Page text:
The Panasonic Lumix FZ300 might not be a huge update from its predecessor, the FZ200, but it's still one of the best in its class and a fantastic option for a single camera for photos and video -- even in the rain.
The Canon EOS Rebel T6 (aka the EOS 1300D) hits the basics for a low price, but that's about it.
For a step up in photo quality or performance from a phone or compact, the Canon EOS Rebel T7i/800D remains a fan favorite.
It's not the best megazoom around, but the Nikon Coolpix P900's lens is remarkable and if you need the most zoom on a compact camera, it's the winner.
For the money, the Canon EOS Rebel T3i is a great choice for dSLR videographers--though the cheaper T2i can still suffice if you don't need the articulated LCD--and it's a solid choice for creative still shooters. But though the image quality and general shooting performance are top-notch, if you're upgrading to capture sports, kids, or pets, the T3i may not be able to keep up.
Though it's a perfectly fine entry-level camera, there are better options for the money than the Canon EOS Rebel T3.
With excellent photo and video quality and a deep feature set, the Panasonic Lumix DMC-FZ1000 is the perfect mix if you want dSLR-like controls and better than point-and-shoot performance with the convenience of a single fixed lens.
While it's a perfectly fine camera when you're making the jump from a point-and-shoot, there are better choices than the Canon EOS Rebel T5.
While it doesn't stand out in any particular aspect, the Panasonic Lumix LX10/LX15 is a fine camera to consider for everyday photography with advanced controls.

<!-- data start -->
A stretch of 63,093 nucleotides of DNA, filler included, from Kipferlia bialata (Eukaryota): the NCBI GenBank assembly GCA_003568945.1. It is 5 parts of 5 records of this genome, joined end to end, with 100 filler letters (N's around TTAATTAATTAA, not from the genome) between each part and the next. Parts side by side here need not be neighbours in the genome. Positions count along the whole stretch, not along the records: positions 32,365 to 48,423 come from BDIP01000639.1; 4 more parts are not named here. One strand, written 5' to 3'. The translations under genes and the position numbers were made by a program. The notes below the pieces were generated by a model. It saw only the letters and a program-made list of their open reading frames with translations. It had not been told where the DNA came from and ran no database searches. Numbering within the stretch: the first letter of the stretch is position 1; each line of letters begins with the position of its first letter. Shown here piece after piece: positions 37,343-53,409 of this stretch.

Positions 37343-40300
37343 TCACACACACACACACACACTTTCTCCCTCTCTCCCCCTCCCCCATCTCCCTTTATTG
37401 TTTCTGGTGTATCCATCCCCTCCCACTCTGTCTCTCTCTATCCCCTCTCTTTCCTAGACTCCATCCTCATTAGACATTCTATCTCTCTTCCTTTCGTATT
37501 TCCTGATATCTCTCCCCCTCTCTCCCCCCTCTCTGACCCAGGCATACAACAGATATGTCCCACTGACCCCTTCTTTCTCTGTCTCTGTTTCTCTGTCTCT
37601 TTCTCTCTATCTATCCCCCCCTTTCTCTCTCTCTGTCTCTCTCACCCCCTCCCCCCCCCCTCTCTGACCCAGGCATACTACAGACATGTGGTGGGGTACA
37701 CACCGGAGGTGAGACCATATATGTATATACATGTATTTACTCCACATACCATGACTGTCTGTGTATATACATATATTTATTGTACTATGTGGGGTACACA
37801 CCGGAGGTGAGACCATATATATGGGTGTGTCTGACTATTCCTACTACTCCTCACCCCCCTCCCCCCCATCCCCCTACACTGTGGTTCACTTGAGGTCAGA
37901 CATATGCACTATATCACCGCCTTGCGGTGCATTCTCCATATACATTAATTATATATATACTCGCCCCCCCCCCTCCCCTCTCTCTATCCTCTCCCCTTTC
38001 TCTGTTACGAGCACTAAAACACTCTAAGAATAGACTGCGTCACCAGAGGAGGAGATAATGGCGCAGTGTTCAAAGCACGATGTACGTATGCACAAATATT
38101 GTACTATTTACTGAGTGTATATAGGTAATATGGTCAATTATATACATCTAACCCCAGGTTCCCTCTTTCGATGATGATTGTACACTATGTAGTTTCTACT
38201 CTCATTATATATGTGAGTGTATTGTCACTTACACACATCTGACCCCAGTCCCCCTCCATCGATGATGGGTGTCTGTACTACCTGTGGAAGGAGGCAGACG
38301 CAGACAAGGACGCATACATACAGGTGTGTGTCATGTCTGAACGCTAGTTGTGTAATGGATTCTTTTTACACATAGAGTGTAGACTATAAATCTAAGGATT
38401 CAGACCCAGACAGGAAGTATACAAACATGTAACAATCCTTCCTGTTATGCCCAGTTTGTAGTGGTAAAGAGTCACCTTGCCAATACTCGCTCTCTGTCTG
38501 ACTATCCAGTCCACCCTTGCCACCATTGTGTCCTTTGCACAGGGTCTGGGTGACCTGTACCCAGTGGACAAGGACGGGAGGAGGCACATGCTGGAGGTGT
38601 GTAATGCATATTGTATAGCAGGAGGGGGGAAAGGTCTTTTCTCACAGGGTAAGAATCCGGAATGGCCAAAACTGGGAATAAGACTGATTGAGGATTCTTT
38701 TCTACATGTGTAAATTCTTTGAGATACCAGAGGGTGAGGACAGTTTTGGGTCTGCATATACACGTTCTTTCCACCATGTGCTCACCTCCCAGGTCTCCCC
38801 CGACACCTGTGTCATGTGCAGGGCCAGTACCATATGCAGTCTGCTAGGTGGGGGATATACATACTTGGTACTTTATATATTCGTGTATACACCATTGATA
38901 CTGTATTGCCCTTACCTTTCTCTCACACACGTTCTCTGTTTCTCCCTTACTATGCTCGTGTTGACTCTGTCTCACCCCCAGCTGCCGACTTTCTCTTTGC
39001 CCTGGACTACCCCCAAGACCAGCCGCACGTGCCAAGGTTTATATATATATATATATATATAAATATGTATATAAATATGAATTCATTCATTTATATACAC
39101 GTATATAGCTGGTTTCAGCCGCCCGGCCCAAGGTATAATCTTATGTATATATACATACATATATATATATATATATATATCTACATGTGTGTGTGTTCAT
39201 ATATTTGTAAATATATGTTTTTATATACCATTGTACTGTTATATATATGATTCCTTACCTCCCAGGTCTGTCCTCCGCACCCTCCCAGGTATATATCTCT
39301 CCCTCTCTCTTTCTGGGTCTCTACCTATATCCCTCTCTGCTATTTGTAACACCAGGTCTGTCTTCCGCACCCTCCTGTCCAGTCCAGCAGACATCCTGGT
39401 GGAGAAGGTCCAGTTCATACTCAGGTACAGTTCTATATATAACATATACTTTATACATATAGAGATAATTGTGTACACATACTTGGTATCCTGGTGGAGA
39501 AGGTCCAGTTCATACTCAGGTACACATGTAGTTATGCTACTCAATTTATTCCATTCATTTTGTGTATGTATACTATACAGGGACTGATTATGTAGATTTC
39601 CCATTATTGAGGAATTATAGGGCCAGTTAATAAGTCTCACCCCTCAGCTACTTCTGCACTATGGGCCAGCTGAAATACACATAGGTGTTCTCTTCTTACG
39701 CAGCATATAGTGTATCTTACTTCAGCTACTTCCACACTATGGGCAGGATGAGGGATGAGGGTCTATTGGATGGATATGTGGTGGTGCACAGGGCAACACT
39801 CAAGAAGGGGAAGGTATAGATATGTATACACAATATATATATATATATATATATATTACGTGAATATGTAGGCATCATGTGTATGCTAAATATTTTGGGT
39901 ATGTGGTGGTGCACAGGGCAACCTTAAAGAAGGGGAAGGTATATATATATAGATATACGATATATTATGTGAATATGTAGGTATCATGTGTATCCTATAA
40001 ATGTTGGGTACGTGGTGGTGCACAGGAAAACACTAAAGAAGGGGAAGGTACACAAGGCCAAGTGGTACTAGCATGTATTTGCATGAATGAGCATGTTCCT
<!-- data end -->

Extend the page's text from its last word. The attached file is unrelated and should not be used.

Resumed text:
For inconspicuous and quick street shooting or as a travel camera for landscape fans, the Ricoh GR II hits the mark. But If you want video or the shooting-angle flexibility that a movable LCD or viewfinder provides, this may not be the camera for you.
Despite small annoyances, the Sony Alpha 6000 is a great overall camera for more advanced photographers who want something smaller than a dSLR, especially if they need the continuous- shooting speed.
The Canon EOS 350D is an exceptionally small and lightweight camera designed for amateur dSLR owners, but it delivers the responsiveness and image quality you'd expect from a semipro model.
More point-and-shoot than dSLR in terms of features and performance than some competing high-end megazooms, the Nikon Coolpix P520 is a very good camera for those after a big zoom range, better control over results, and fine picture quality.
It doesn't stand out for its feature set or design, but the Canon EOS Rebel XSi delivers on performance and photo quality.
The Pansonic ZS100 offers great blend of quality, size and features for people who want better photos and are willing to trade off a little quality for a lot of lens.
The Polaroid Snap is an instant camera that's equal parts past and present, with a nostalgic trick -- printing actual photos -- that your phone's camera can't duplicate.
A fine camera, the Canon EOS Rebel T4i's more expensive 18-135mm STM kit (or body with another STM lens) is the only version that merits an unqualified recommendation. You can probably find better alternatives if you just want a sub-$1,000 dSLR for still photography.
Lightweight and compact with everything the family photographer needs, the Nikon D5500 maintains its position as a great general-purpose dSLR.